A murdered girl. A buried secret.
Juliet is used to wielding power and influence in her line of work, but when her beloved niece dies, she finds herself powerless in the face of her grief and has doubts over the coroner’s report of suicide.
She travels back to her family’s remote coastal home where Beth was found. As Juliet delves deeper into the investigation, her personal and professional lives collide and she unwittingly finds herself pitted against dangerous opposition who seem intent on silencing her.
In order to expose the truth behind her niece’s death, Juliet must face the fact that nobody in her life is who she previously thought them to be – including herself.
[As she runs along the beach, she knows it’s the last time she’ll see the mudflats at Culbin]
(@Legend_Press, 1 July 2019, ebook, 288 pages, ARC from @Legend_Press, #BlogTour 11 July #Legend100)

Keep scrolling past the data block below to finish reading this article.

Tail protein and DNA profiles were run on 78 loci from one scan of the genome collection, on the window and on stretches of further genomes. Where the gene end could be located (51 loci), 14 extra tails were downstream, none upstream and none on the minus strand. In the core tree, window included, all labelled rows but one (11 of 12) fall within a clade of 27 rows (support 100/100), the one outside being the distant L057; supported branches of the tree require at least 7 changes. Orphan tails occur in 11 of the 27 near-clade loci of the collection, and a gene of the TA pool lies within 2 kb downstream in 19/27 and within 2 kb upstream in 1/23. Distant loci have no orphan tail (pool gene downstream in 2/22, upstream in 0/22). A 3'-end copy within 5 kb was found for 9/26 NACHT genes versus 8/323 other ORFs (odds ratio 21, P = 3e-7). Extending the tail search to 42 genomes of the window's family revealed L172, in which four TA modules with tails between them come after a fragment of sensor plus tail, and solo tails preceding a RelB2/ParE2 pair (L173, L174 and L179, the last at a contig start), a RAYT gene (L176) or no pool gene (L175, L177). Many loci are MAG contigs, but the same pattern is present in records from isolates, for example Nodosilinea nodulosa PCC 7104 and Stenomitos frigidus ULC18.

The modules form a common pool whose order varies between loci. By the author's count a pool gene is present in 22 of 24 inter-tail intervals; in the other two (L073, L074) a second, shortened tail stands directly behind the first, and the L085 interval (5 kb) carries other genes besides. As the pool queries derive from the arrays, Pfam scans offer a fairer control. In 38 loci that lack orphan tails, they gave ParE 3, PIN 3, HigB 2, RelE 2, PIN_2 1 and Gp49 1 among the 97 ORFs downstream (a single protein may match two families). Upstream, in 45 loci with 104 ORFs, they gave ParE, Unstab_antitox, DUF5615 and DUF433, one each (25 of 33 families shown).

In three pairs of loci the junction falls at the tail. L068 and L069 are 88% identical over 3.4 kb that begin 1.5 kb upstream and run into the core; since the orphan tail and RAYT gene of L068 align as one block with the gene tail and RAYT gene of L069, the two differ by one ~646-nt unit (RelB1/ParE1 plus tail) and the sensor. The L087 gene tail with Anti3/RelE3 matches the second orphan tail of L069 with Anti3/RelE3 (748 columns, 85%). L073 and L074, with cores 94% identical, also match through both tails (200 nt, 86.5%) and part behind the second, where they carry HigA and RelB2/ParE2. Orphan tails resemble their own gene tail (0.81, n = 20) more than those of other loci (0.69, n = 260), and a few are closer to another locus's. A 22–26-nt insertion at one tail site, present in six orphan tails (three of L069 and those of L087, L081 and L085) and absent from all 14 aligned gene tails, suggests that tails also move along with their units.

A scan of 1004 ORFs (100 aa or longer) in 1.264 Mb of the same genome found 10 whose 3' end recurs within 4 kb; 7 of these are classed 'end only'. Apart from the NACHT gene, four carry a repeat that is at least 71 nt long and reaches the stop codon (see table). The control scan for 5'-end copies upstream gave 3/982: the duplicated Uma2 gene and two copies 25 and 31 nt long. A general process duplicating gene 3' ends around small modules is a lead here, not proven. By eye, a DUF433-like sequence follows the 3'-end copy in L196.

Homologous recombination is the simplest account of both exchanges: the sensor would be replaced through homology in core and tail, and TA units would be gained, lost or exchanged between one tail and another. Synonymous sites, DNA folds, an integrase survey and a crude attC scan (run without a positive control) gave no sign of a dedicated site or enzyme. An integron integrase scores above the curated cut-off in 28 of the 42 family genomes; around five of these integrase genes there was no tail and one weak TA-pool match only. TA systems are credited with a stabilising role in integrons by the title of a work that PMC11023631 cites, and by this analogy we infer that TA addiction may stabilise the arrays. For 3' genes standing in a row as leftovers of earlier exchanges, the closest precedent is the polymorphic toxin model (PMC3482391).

This is an impressive book for a debut and I cannot wait to see what O’Donoghue comes up with next. I read a lot of thrillers (I mean a whole fricking lot). It takes a lot to impress me. Books that have been rated highly by other readers have left me cold. Sea of Bones impressed me so it’s really good. One of the best bits about the book is that it’s set in Scotland, in the Moray coast and parts of Inverness and Elgin. I’m Scottish and feel a flush of pride when I read a great book set in my home turf. There are really not enough books set in this amazing country. There should be more! I digress. Anyway, the setting is perfect for the book and I completely fell in love with it and was transported there with every page. Like most thrillers, Sea of Bones is full of twists and turns and misdirection. I love a bit of that! I didn’t want the book to end.